In position to prove themselves worthy of being considered one of the NFC's best teams, the Seahawks had a haunted Halloween in Oakland on Sunday; the team's performance was the most disappointing of the season thus far. Lawyer Milloy's post game sentiments: It's disappointing to see your team take two bye weeks during an NFL season, as there is only one on the schedule. We just didn't show up.
Head Coach Pete Carroll, frankly, agreed: "We didn't get anything done on either side of the line of scrimmage. The only redeeming thing is that half way through the third quarter it was still close enough where we even had a chance after really not playing very well…." My interpretation: we got blown off the ball on both sides, dominated actually. Somehow, we hung in there for a good portion of the game. Then we got our butts kicked. We got nothing accomplished.
The offensive performance by the Seahawks was the opposite of the unpredictable and sharp execution I believed was necessary for the Seahawks to be competitive in this game. Mike Williams sums it up best when explaining what a good offensive performance, and more importantly a win, would have meant to this team: "We (receivers) had a chance to step up as a group, take some pressure off the offensive line…It's frustrating. Three wins in a row — it would've been big for us, big for our fans, for our organization." An average of 2.7 Yards per play; 1 for 16 on third downs; Carlson led the team with three catches and Tate was the only other player with multiple catches; watching our offense felt like walking to work during a bone chilling November storm. The unit had negative offensive yardage into the second quarter. Hasselbeck was guilty of holding on to the ball at times en route to 8 sacks allowed, but he took care of the ball Ok, throwing only 1 Interception; it is not time for Charlie Whitehurst.To have a successful passing game with the power running game you, need to use the tight end in the intermediate passing game; it keeps the safety a little deeper, out of the box and attracts the attention of the line backers in coverage. As I noted last week, Carlson needs to be more involved in this offense. His 35 yard catch on an intermediate corner route toward the sideline was his season long, and is a sound example of how we can use him, taking advantage of a matchup on the linebackers. Hasselbeck and Carlson have a very solid relationship; Hasselbeck trusts Carlson more than some of the newer receivers. Carlson needs more targets, simply put.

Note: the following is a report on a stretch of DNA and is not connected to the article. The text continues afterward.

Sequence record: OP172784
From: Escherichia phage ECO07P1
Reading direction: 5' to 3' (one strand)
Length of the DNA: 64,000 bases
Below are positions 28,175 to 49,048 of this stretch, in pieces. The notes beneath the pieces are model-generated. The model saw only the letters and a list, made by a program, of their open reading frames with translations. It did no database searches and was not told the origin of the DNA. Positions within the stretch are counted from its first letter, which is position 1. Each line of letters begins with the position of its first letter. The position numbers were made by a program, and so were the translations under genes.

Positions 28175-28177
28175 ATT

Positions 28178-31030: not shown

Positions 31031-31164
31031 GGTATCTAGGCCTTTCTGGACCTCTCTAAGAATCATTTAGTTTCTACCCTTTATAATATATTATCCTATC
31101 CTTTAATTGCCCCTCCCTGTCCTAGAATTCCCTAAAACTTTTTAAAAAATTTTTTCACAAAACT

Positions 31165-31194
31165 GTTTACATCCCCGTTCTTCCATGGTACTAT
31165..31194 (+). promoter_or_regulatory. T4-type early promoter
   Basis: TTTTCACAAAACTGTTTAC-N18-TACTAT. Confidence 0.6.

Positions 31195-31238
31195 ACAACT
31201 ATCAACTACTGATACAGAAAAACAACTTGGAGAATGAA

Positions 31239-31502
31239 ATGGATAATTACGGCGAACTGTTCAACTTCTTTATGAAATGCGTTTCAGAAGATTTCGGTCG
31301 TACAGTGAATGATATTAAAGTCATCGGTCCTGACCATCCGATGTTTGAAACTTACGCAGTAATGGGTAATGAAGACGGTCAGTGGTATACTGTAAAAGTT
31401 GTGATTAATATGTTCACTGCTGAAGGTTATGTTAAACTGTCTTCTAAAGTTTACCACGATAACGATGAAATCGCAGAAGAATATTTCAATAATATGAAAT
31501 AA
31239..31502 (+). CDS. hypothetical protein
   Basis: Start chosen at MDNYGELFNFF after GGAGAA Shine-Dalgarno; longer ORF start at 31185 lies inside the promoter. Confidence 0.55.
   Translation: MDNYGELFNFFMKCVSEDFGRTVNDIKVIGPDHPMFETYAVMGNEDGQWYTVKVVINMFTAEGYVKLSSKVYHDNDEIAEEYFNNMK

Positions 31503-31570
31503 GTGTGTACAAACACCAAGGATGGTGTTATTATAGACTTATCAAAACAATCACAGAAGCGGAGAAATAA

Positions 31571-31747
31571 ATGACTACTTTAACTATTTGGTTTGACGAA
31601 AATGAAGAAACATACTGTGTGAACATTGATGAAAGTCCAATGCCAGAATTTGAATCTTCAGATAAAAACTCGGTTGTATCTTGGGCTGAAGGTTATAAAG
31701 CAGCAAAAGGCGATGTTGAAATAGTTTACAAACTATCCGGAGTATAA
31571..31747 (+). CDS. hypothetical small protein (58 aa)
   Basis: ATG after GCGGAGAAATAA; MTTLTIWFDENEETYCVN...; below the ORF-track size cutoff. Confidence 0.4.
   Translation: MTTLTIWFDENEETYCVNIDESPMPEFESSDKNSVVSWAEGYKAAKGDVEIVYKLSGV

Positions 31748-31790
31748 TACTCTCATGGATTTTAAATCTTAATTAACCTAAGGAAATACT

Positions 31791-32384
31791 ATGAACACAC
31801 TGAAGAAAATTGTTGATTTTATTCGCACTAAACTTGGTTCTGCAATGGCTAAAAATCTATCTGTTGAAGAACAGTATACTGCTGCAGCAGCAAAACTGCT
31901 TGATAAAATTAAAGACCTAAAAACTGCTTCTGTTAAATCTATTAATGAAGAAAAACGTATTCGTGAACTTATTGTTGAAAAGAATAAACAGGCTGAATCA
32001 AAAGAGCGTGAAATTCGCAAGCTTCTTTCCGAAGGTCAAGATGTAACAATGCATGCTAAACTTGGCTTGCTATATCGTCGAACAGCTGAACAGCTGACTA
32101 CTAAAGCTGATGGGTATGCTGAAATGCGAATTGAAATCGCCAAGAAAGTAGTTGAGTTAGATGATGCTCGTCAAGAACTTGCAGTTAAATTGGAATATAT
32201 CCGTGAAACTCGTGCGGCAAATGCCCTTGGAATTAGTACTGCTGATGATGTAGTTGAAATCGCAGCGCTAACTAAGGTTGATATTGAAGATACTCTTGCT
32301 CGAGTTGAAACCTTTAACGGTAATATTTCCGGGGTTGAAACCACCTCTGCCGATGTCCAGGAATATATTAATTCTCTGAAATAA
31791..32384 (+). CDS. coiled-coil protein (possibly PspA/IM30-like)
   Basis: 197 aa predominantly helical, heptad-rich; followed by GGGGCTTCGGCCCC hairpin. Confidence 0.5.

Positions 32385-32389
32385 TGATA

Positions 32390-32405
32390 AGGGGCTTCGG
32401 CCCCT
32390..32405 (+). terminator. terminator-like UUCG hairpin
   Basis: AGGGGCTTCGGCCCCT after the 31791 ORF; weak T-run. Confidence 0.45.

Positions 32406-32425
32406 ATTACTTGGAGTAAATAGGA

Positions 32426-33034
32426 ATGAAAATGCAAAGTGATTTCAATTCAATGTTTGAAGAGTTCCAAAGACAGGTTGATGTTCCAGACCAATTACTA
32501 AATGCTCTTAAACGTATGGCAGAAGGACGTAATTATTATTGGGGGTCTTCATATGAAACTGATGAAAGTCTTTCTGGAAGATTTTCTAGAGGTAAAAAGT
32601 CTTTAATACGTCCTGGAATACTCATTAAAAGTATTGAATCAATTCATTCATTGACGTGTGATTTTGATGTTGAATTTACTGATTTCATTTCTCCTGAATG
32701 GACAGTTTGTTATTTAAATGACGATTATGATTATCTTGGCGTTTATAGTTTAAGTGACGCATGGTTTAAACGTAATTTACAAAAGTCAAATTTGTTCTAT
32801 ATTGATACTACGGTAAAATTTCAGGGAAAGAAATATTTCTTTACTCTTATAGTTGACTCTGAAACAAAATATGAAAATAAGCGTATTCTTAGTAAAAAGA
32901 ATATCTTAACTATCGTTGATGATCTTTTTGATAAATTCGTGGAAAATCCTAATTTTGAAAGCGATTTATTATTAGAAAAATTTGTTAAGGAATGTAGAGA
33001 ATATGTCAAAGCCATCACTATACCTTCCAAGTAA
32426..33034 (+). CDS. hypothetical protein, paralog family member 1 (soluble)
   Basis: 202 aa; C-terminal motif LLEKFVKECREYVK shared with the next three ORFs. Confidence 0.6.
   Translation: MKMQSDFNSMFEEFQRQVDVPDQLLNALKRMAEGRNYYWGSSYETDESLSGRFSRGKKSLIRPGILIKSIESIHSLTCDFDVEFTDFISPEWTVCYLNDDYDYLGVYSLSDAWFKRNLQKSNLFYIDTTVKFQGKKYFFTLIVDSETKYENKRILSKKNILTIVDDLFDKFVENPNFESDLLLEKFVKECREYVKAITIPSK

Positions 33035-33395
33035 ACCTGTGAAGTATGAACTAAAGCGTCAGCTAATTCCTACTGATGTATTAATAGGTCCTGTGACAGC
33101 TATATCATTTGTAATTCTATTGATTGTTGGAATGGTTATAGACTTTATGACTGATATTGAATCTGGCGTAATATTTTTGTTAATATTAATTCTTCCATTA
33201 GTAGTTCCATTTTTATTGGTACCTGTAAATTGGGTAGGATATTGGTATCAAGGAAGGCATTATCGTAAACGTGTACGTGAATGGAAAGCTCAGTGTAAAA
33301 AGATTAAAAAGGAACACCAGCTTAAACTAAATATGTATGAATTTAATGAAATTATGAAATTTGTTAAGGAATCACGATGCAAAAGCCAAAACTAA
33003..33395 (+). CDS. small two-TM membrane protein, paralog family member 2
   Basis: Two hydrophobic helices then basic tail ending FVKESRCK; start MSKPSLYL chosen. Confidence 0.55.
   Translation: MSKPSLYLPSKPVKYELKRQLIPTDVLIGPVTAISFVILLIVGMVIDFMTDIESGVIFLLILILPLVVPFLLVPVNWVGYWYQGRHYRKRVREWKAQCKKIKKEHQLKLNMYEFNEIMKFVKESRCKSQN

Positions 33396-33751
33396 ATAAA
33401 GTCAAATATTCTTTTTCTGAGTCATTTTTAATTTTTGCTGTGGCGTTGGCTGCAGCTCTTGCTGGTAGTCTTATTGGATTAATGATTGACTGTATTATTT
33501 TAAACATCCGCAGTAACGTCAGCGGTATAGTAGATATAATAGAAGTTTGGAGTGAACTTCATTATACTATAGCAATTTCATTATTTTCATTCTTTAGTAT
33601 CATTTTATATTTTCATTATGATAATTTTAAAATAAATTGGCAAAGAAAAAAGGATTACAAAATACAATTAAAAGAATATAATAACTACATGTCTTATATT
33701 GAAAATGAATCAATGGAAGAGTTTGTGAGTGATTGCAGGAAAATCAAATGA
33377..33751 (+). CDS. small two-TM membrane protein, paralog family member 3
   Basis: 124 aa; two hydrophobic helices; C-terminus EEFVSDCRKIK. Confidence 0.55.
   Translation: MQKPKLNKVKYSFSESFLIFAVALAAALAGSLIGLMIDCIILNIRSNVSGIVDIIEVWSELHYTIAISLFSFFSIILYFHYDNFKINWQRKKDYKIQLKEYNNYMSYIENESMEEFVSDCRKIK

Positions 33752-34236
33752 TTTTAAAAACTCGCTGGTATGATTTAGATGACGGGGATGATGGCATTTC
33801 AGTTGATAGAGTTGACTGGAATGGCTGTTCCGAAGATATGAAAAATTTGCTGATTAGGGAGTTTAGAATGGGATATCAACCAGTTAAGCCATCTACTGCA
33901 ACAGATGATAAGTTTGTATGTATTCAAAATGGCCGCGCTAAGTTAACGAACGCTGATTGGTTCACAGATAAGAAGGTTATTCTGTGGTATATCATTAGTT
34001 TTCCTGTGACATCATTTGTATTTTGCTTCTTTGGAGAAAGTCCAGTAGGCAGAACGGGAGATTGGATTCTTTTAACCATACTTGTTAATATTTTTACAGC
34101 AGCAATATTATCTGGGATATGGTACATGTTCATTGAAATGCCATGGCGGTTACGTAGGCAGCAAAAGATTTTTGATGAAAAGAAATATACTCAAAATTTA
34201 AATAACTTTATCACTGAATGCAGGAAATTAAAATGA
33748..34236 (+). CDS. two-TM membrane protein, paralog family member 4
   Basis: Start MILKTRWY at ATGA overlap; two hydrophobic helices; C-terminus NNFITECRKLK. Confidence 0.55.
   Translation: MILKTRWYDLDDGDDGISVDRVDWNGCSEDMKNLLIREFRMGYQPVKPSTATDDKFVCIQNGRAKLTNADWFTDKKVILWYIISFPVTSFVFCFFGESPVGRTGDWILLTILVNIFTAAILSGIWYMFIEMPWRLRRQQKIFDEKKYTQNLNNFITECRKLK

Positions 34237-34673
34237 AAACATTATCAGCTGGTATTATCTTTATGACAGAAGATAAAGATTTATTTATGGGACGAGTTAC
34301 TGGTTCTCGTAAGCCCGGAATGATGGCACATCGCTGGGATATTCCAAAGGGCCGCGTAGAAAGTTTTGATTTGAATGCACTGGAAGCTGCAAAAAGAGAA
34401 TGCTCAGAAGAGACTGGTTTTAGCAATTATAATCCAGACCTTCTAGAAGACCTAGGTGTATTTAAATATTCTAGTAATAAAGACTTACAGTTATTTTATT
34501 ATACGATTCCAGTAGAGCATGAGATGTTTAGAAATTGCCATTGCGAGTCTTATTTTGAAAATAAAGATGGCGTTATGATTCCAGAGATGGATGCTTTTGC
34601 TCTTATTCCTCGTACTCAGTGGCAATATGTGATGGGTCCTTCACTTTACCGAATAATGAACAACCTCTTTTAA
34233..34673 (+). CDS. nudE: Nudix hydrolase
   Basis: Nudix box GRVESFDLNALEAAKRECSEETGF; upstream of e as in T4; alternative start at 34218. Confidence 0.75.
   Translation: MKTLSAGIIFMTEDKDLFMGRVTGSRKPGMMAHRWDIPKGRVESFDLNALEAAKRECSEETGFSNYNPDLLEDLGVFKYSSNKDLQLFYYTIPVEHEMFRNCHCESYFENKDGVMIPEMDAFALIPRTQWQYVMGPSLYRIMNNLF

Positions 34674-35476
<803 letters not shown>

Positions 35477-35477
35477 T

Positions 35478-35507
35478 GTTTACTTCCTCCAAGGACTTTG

Another man whose role in the game plan grew a little is Leon Washington. ESPN's Mike Sando noted the following in his "Silver Linings" column; "Leon Washington had punt returns covering 43, 19, 19 and 9 yards. He had kickoff returns for 45 and 37 yards. He gained 21 yards the first time he carried the ball. In short, Washington was the best thing Seattle had going for itself against the Raiders." I highly approve of the decision to put Washington back to receive on punt returns and giving him garbage playing time to rip off a 21 yard run, as I have been advocating for increasing his role on this team. He is carrying momentum into practice this week and, especially with Tate nursing an injury, this is the Coaching Staff's best opportunity thus far to get him further involved in the offense, both running and receiving.
"These guys were on fire, everything off the charts for them" and "we got big played" is how Coach Carroll described the Oakland offense after the game: Seattle gave up 10 plays of 20 yards or more. "Their offense is built around speed, speed and more speed," Milloy said. "I thought we were ready for it. And even when they hit some early, I thought we answered the call, especially with our red zone defense, which has been tough all year. But we just didn't get it done as a team, period. Point blank." The Raiders beat the Seahawks with reverses, play-action screens and misdirection runs, taking advantage, as Coach Carroll noted in his post game conference, of the Seahawks inability to contain the backside of the play, they did not show a combination of discipline in maintaining assignments and energy in successfully getting to the ball carrier; Carroll fully believes it is possible to be both aggressive and fundamentally sound, we just haven't done them well in unison.